The scope of an indemnity clause in a construction contract, requiring the subcontractor to indemnify the general contractor, placed unqualified responsibility on the subcontractor for injuries arising out of its part of the job. [79-81] General Laws c. 149, Section 29C, as effective before its revision by St. 1985, c. 228, Section 3, had no retroactive application to an indemnity clause in a construction subcontract executed five years before that statute was enacted. [81-82]
The judge at a civil trial did not abuse his discretion in denying a defendant's motion to reopen the evidence in order to present testimony with respect to indemnification for legal expenses, in circumstances where the parties had already come to terms in complicated settlement negotiations during which, the judge found, that defendant made a tactical decision not to discuss that indemnity issue. [82-84]
CIVIL ACTION commenced in the Superior Court Department on July 25, 1979.
A motion for partial summary judgment on a third-party complaint was heard by James F. McHugh, J., and the case was tried before him.
Thomas J. Lynch for General Iron & Steel Works, Inc.
Charles Mark Furcolo for Vappi & Company, Inc.
KASS J. Donald Jones and Anthony Tokowicz were hurt when a steel beam on which they were sitting gave way during construction of a film processing plant for the Polaroid
Corporation. For purposes of the appeal, which involves interpretation of an indemnity clause, the active players are Vappi & Company, Inc. ("Vappi"), the general contractor, and General Iron & Steel Works, Inc. ("General Iron"), a subcontractor to Vappi responsible for fabricating and erecting structural steel and steel decking. Jones and Tokowicz were employees of V & V Erectors, Inc. ("V&V"), to which General Iron had let a sub-subcontract for the erection work.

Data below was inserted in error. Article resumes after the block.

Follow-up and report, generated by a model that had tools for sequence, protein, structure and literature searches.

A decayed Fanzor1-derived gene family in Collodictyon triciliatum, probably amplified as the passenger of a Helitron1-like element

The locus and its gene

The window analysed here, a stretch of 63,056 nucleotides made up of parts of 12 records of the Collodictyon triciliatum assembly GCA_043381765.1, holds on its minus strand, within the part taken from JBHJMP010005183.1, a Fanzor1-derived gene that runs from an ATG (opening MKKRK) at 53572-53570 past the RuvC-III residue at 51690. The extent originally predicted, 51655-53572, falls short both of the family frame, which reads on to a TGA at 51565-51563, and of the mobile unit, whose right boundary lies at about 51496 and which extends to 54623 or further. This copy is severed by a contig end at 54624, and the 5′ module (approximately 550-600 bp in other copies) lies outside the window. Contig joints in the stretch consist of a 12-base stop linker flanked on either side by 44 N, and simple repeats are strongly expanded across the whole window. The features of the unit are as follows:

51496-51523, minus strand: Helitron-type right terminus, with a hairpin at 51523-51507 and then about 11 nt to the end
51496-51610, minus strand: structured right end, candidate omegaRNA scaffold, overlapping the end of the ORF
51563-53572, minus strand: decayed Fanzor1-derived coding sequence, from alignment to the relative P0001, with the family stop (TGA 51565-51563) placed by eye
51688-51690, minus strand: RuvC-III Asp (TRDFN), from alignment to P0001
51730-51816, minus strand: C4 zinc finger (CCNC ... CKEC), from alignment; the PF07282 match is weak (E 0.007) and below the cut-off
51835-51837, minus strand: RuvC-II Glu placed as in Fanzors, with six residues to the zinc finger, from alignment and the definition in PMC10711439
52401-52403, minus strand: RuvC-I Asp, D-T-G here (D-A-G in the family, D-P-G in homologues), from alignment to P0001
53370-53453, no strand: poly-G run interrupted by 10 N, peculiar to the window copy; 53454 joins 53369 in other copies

During the course of the trial, Vappi moved for summary judgment on the ground that it was the beneficiary of an indemnity obligation which it had imposed on General Iron in their subcontract. Vappi, as it construed the scope of the indemnity clause, would not be bound to pay damages to the plaintiffs in any event. The trial judge decided that question in favor of Vappi. Against the possibility that he might be mistaken on the indemnity issue, the judge astutely refrained from entering a judgment and kept Vappi in the case so that, should the indemnity point come out differently on appeal, the case would not have to be retried.
Before the case went to the jury, General Iron settled with all the plaintiffs [Note 2] for $1,000,000 in exchange for full releases of itself, Polaroid, and Vappi. General Iron thereby succeeded in limiting its exposure to an aggregate $1,000,000 irrespective of the ultimate decision on the indemnity point. So that the indemnity question might be presented on appeal, the jury were then asked, by special verdict, to find who had been negligent. They determined that negligence lay with Vappi and V&V. [Note 3] General Iron was found not negligent.